noni - Because legally present today may (or may not) mean covered by the Guvs umbrella, not employment, investment, or any other standing generally associated with legal immigration status in the US. The test is simple, "do you have a legal employer or an investment permit". Many employers here are actively getting that together. IT&E, Duty Free, hotels, and others are filing work visas, L visas, and others through the proper channels. We have always known the definition of a guest worker is based on employment, to expect improved status because one was made "legal" by the temporary umbrella permit is unrealistic. The umbrella covered maids, dancers, and others not covered in proper work categories. That may not be what you want to hear but I believe it to be the true as I understand the federalization law.

When twenty foreign nationals operate a business to give themselves employment, that business will not meet USCIS criteria, and rightfully so, so who is the cheat and who is the victim? The businesses swept away by the investor regulations will be pawn shop owners, karaoke bars, strip club operators, and other businesses long known for labor and human rights abuses. I have no sympathy for illegal scammers who have profited for years and are now panicking because their time is up. Please take your karaoke/strip operations and go back to wherever you came from.

If your a guest workers working then you shouldn't have any concerns.

Anonymous said...

Captain you coherently explained the situation here spot on. Great job.

The teacher has had one to many..

Anonymous said...

"A final concern still unanswered and causing much uncertainty is a key issue that initiated federal legislation, and that is what to do with legal contract guest workers. This administration and many foreign owned businesses don’t want them to leave, don’t want their wages to increase, don’t want them to have the right to change employers, and they still want to retain the status quo of servitude. Some want older CGWs deported because they are owed at least 6 million dollars in judgments for non-payment and to replace them with a younger class of guest worker. This is further complicated by the well being of thousands of U.S. citizen children who have resided here their entire lives. The only logical answer is to improve the status of legal workers here with an unobstructed path to U.S. citizenship.
Remember, teacher you're the one that quoted on behalf of Guest Workers to US Congressman. Are you one of them who uses Guest Workers for any hidden reason? So what's the difference between you and....???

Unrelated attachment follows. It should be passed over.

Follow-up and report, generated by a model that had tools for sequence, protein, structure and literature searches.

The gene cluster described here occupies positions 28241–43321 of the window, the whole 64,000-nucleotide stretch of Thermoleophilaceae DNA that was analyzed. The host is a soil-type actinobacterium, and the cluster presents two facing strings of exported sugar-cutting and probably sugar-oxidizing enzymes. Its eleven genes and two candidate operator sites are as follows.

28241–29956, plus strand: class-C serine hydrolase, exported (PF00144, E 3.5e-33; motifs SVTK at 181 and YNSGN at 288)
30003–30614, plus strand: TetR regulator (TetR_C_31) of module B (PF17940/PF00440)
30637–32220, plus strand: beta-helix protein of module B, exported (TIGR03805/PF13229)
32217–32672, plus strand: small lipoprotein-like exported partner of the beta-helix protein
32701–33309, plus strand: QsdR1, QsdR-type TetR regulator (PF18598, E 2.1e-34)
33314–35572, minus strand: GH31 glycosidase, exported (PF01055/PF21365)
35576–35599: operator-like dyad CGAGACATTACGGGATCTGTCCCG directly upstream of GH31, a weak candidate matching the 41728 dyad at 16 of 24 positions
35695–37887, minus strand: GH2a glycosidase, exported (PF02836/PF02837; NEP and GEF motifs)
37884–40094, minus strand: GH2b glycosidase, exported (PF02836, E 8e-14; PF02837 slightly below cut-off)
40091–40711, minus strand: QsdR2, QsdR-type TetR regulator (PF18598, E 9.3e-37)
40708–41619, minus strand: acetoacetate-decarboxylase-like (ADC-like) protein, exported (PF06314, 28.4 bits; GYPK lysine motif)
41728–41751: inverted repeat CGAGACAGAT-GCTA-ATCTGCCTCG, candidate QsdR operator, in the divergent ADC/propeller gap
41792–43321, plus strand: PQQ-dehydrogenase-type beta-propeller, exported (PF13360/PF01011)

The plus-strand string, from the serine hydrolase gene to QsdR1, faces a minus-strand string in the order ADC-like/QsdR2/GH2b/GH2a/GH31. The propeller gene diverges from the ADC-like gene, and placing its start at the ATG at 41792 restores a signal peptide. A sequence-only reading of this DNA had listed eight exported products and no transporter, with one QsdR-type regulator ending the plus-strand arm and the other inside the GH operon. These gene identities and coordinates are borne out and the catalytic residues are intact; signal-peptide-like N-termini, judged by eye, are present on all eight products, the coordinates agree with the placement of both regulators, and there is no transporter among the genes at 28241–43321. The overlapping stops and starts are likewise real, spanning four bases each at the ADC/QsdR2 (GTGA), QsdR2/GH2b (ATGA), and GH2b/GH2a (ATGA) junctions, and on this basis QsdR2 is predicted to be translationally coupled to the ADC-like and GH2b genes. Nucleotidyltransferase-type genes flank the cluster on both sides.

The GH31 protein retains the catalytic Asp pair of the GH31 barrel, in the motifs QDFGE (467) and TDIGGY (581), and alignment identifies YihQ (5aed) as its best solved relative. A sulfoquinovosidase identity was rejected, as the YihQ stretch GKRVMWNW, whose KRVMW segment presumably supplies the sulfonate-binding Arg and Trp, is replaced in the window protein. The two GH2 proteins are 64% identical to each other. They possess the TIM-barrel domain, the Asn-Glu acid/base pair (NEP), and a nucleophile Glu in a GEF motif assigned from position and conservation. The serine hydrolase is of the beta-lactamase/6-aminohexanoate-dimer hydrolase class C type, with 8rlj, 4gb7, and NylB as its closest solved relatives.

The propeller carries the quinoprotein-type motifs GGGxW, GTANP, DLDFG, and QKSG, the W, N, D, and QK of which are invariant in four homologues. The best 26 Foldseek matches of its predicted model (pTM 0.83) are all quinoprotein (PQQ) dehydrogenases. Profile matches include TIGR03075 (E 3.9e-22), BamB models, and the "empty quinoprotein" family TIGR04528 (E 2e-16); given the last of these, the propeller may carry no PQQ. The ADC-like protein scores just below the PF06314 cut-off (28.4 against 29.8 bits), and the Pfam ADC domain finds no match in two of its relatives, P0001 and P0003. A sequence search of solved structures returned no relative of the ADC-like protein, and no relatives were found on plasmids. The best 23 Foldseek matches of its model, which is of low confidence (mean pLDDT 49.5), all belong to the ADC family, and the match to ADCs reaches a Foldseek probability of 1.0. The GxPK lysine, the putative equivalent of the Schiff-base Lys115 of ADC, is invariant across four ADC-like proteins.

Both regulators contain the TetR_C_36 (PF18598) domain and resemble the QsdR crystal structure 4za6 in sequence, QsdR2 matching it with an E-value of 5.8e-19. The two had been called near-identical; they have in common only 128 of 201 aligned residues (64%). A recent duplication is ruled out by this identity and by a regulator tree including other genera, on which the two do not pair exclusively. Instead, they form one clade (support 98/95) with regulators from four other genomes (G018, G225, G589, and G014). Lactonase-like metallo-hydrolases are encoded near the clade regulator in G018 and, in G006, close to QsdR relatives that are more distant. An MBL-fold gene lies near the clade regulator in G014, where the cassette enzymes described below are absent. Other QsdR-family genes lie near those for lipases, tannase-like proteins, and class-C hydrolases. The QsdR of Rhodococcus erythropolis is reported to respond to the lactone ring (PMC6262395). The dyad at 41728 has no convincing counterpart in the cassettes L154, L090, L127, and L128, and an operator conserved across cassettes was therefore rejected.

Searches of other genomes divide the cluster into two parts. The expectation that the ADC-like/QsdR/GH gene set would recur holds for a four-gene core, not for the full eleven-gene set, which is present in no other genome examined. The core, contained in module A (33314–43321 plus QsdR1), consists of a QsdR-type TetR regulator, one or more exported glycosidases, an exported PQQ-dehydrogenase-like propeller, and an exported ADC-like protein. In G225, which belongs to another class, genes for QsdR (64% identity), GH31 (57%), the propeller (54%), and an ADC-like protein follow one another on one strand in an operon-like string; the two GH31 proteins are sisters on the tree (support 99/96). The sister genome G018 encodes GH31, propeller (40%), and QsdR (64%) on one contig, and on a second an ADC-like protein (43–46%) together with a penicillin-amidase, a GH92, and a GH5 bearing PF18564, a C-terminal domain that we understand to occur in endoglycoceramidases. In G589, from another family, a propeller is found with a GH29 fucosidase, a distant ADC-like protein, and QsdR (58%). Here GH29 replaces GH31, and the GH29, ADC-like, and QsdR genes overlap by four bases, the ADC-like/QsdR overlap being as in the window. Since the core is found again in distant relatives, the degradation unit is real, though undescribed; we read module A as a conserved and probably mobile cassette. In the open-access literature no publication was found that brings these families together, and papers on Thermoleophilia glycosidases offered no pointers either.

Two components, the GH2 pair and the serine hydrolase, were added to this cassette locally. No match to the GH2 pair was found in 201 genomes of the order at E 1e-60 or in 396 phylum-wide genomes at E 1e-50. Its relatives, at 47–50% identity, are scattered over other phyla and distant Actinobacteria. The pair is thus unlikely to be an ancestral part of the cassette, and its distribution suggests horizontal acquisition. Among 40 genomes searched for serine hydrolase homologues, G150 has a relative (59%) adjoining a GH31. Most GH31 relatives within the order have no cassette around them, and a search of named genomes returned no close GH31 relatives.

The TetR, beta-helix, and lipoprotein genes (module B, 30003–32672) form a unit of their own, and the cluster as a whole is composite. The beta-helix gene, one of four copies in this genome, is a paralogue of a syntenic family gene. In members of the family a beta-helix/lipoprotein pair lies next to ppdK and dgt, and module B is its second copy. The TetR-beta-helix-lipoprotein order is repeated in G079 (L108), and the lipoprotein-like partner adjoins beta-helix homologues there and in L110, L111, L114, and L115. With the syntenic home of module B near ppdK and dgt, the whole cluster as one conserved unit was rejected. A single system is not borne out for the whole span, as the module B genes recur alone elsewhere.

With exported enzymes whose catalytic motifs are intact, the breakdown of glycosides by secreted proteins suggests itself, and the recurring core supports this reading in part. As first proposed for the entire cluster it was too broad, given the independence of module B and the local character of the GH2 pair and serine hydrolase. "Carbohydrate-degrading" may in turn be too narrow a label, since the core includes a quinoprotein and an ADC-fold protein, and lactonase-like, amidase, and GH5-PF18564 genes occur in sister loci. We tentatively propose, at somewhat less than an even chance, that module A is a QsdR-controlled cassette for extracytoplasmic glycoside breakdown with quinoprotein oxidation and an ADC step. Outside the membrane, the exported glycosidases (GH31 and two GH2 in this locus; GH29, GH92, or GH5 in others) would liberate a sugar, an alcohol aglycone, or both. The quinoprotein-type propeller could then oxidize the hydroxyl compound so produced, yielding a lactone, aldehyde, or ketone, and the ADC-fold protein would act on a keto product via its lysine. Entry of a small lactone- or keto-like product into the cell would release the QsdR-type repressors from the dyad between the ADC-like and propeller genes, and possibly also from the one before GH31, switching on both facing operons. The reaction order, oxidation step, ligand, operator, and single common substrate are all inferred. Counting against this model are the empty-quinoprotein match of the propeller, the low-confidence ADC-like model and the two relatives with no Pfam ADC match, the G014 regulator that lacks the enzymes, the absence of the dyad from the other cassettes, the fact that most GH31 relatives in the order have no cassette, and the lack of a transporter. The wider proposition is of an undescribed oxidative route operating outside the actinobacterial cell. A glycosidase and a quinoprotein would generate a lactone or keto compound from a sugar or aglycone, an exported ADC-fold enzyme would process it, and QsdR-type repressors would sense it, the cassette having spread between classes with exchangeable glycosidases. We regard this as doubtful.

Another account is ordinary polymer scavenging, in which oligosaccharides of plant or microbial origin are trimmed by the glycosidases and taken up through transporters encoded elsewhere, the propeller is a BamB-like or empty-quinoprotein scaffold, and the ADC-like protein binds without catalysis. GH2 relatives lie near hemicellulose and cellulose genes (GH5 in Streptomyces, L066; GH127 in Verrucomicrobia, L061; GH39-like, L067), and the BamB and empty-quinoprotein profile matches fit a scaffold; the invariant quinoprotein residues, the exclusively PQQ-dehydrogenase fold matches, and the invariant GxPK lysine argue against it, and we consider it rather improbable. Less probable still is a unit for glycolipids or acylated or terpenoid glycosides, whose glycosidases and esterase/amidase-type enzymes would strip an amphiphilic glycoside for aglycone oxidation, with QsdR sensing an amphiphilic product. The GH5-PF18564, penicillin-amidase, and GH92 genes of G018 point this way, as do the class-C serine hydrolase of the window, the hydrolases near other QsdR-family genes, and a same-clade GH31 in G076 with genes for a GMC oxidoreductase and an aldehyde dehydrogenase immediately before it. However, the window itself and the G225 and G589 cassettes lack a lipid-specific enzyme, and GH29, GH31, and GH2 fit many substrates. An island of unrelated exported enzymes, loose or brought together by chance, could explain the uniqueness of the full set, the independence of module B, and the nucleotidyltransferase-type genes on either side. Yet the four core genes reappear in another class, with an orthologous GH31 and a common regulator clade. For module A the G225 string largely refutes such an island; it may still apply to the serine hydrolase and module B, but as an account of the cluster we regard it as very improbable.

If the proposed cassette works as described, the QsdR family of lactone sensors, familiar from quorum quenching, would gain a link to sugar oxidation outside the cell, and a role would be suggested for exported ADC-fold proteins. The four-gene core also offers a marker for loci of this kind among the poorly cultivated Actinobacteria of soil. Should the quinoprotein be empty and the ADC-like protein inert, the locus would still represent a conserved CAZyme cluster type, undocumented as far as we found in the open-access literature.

the teacher said...

"Had one to many" "uses GW for any hidden reasons" and the noni trolls can't discuss anything with civility, not a single point. You do whatever you like and call me whatever you want, but I suggest you have some answers for the questions I've asked and points others have commented on. I believe USCIS is gearing up for change in the CNMI. I didn't write the law, but like wearing seat belts, we will comply and obey the law whether we like the terms or not. The regs for investors will clean out illegal operators and I personally think those regulations were brilliant. I think the NMI will be a better place when they are gone, but that is just my opinion. I don't know how worker rules can or may be altered but I am of the opinion that any improved status is highly unlikely in the near foreseeable future due to the recent US election, the terrible US economy, and the current attitudes of Americans toward immigration reform.

Cheers

Wendy said...

I know the teacher, and he certainly hasn't "had one too many." Some of his points are valid, although I don't agree with all of them regarding the future of legal foreign investors.

He is right that there are some unsavory businesses in the CNMI. Some of the massage parlors and clubs, which are really houses for human trafficking victims come to mind. Some of the pawn shops that knowingly accept obviously stolen items are also questionable. I am not sure how these places benefit the community or why the CNMI has licensed them. The teacher is also correct in saying that some people have just created scam businesses. All of these will likely close.

I also agree with the people who recognize that under CNMI law many foreigners were lured to the CNMI to open businesses under the CNMI's rules which allowed for smaller investments. If these people have legitimate businesses and are properly licensed then they should be considered for permanent US status. They should be allowed to continue with their legitimate businesses, (their only source of income). Some have no other "home" than the CNMI. I agree with federal officials and others who recognize that it would be inhumane to deport any such legally established business person and his/her family who has followed the rules, paid their taxes, renewed their license, paid their workers fairly, leased land for 55 years and put their life's savings into opening such a business.

I never heard of the Rivera Hotel. It sounds like it is not legitimate and should be investigated, as should others. The Tinian Dynasty and Rota Hotel, both foreign-owned and run are stealing wages from their employees! Some other locally owned businesses should also be investigated. I have been told that J.G. Sablan water company has been stealing wages for years and the nonresident workers have not been paid.